This is my other favorite bubbly, next to the Rose d’Orfeuilles that I posted before. This is the François Pinon Vouvray Brut Petillant Non-Dose, but we just call it Vouvray. Tart, but not sour, this chenin blanc grape wine has a lovely minerality but also hints of citrus rind and honey. And perhaps my favorite feature, the beading (bubbles, effervescence, etc.) is off the charts amazing and endorphin-inducing. It is pure elegance.
This is an organically grown and harvested wine, but another really cool feature is that new plantings are selected from the farm and not from a nursery, so the genetic make-up of the vines remains consistent from year to year. Also, the Non-Dose means that there is no sugar added during fermentations or during bottling.
One really important thing to note I realized just last night when we did a little experiment. This particular wine is best served in a flute and NOT A COUPE! As much as I love my coupes, only the flute is able to maintain the elegant beading of this wine. With the wide surface area of the coupe the effervescence is lost and the taste profile changes so quickly. Trust me and stick to the flute.
I’ve never quite understood the whole coaster thing; perhaps because I eat dinner at my coffee table where there are no rules as to what can be placed atop, or because I love my linen cocktail napkins. So really what it comes down to is that I have never had a need for a coaster set. But then I saw these referred to as trivets and that was something I could understand. And what perfect timing as my guy and I were just talking about looking for a trivet. This is probably not what he had in mind but perhaps I can sneak a couple into the kitchen anyway. They range between 5-6″ so as a single it’s perfect for my teapot or his Chemex coffee, or for larger pieces a few of them might be needed. From Leif $20 each.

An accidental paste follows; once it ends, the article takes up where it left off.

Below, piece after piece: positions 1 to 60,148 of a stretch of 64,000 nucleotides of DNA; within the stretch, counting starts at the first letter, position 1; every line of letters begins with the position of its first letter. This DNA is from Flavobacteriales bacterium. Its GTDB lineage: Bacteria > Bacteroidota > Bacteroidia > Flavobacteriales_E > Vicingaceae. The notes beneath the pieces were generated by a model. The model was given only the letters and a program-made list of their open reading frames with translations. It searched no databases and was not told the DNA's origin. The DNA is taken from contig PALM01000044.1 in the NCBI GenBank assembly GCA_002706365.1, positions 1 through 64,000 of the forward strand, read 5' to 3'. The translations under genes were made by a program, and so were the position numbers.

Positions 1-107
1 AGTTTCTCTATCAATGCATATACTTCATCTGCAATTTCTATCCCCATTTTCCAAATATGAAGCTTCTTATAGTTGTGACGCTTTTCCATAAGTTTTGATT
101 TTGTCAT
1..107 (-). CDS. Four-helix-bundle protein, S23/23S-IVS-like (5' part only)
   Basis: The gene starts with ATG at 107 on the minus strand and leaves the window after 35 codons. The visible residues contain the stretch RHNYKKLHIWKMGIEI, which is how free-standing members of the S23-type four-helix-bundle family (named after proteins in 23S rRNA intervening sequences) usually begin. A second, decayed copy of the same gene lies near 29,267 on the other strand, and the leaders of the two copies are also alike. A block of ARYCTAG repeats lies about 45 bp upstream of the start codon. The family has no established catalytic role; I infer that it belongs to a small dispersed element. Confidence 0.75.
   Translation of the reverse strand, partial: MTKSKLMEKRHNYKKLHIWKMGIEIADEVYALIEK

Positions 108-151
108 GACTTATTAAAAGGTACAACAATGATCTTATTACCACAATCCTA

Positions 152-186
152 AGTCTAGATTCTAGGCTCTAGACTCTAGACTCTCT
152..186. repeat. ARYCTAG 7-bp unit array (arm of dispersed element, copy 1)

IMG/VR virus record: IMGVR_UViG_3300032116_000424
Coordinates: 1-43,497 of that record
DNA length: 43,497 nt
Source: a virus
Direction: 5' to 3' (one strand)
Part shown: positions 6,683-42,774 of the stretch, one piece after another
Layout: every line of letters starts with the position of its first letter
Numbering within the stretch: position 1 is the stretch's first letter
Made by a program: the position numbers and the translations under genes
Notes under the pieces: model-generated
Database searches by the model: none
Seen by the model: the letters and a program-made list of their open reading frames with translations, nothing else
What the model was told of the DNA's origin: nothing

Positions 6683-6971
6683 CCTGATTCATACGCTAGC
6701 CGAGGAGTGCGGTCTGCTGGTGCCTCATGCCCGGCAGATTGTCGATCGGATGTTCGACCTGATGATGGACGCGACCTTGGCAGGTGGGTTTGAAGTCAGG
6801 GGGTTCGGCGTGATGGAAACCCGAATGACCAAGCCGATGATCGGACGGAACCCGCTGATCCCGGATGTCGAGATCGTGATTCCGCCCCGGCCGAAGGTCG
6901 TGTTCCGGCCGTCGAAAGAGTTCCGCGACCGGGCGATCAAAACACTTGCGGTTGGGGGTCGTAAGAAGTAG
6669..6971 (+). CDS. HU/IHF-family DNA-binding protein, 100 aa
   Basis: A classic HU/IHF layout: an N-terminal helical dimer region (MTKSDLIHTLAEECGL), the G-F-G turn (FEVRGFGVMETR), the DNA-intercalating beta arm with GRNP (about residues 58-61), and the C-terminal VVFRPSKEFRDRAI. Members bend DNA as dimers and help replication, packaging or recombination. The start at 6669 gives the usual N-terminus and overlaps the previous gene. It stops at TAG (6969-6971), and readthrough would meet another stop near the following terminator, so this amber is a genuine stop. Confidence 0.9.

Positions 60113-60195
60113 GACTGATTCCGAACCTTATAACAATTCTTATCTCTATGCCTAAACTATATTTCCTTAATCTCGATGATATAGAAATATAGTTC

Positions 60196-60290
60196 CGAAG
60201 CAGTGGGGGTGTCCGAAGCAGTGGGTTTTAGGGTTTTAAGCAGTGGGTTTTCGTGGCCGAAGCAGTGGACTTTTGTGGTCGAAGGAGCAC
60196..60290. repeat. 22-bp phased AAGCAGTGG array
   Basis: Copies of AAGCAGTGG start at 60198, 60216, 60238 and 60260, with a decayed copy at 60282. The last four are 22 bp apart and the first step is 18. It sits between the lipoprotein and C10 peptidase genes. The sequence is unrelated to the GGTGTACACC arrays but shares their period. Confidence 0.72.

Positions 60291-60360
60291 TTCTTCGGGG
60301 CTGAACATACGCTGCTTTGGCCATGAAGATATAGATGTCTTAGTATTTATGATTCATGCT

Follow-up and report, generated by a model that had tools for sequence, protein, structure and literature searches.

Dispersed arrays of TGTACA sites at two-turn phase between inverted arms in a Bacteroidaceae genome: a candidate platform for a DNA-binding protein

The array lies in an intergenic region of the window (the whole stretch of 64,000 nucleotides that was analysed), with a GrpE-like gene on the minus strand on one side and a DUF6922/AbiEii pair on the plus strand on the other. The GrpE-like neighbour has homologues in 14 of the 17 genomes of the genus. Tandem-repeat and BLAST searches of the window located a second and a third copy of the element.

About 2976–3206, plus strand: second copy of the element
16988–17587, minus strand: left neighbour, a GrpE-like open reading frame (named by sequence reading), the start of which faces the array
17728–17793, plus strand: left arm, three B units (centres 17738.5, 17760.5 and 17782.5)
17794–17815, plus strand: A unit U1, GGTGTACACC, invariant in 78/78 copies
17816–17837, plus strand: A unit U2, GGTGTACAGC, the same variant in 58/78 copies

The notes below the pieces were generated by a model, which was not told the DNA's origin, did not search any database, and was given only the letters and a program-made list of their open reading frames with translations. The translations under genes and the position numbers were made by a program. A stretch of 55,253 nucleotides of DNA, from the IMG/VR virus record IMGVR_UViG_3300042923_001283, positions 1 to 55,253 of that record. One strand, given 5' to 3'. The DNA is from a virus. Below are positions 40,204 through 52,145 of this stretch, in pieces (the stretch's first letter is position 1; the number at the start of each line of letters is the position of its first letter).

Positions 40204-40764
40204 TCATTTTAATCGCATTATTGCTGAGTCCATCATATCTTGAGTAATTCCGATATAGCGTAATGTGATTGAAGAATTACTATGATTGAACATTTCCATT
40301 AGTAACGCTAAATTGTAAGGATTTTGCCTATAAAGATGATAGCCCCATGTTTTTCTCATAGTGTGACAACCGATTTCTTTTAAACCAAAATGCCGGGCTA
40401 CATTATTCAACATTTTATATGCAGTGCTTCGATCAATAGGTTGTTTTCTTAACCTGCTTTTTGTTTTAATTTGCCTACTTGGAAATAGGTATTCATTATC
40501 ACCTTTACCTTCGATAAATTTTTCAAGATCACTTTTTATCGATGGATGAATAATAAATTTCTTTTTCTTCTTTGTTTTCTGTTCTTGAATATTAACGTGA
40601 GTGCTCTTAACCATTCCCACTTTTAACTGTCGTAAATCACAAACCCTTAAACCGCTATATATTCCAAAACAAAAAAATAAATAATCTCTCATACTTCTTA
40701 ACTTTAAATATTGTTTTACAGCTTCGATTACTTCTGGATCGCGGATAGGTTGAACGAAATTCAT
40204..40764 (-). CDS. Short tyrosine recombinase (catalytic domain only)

Quick and easy berry soda
I’ve been going berry crazy at the farmer’s market the past few weekends, but with our extra warm weather they barely last the ride home. I needed a quick and dirty way to enjoy them after they were slightly past their prime– and by that I mean the very next day. You could boil them down, make a syrup, strain it, blah, blah, but I like the big bits of fresh berries and seeds. If you’re really not into the seeds you could strain them I suppose, but this really is a one jar kinda deal.
The touch of rose water adds a lightly fragrant note to the berries, but be careful not to add too much! Just a few drops is perfect. It’s worth having as a pantry staple, but if you don’t have it don’t worry, it’s not necessary.
1. All you’ll need: ice, berries, honey, rose water, soda water
2. Add the berries, spoonful of honey, and a few drops of rose water to a mason jar
3. Muddle, add the ice and soda water. Sip.